Technology and Innovation


Anne Marie Fauvel


Jonathan Engelsma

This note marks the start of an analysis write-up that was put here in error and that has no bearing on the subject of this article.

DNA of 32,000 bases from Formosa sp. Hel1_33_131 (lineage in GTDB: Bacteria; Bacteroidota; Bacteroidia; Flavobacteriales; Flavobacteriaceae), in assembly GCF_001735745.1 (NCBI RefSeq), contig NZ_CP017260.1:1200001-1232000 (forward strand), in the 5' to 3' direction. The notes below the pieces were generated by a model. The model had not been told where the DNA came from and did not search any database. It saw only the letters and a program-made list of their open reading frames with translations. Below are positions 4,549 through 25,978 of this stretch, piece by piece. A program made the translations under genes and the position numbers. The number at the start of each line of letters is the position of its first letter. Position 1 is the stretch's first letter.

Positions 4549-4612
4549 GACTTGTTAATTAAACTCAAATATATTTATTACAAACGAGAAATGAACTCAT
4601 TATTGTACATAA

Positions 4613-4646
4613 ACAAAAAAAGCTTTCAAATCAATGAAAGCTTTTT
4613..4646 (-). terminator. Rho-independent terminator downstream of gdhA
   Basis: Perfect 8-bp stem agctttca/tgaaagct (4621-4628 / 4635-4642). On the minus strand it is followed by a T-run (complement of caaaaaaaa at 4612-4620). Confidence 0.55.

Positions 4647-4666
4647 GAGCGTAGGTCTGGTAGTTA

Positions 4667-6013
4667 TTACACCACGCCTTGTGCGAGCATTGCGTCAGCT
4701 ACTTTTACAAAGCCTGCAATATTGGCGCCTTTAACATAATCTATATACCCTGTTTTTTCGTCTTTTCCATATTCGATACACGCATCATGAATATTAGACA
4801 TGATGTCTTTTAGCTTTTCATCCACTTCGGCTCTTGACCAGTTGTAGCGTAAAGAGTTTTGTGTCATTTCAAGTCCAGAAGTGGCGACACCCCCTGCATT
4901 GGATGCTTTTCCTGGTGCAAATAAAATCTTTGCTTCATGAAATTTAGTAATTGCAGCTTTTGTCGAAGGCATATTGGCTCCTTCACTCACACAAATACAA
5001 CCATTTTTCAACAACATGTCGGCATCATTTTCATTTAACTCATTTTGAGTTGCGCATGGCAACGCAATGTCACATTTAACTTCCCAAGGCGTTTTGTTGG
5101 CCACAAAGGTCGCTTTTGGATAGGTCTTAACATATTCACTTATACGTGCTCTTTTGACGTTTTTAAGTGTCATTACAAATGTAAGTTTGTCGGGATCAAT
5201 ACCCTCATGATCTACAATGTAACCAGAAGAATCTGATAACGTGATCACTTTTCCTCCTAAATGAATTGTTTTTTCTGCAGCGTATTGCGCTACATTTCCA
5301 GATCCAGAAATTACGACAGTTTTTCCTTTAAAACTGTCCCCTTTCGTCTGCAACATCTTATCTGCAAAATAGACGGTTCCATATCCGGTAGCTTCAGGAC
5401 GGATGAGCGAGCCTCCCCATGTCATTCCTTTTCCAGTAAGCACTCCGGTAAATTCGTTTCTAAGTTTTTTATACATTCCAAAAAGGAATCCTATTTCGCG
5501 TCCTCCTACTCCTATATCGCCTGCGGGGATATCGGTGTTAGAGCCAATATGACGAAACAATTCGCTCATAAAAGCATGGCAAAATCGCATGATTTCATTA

Introduction: Wintertime is difficult for many beekeepers, as honey bees must keep themselves warm and dry while surviving on food stores from previous seasons [4]. Honey bees are able to survive such cold temperatures by vibrating their bodies in a cluster, which moves throughout the hive, to keep themselves and the queen warm and dry [4]. Outside temperatures greatly influence the efficiency of the internal cluster of the hive [4]. Honey bee colonies have the most efficient (i.e. least amount of energy spent and least amount of food stores used) clusters when the outside temperature is between 40-50°F; the efficiency of this cluster greatly breaks down when the outside temperature rises slightly above 50°F [4]. At this temperature the mechanics of the cluster change drastically; this is the point at which most energy is expended and the highest amounts of food stores are consumed [4]. Newly available technologies may be useful for beekeepers to improve management techniques during the winter season [1,2,3,4,5,6,7,8,9]. This study used an infrared (IR) smartphone camera accessory (FLIR One Thermal Imager), temperature, and relative humidity sensors (from BroodMinderTM). The goal was to determine practical uses of these technologies in winter management.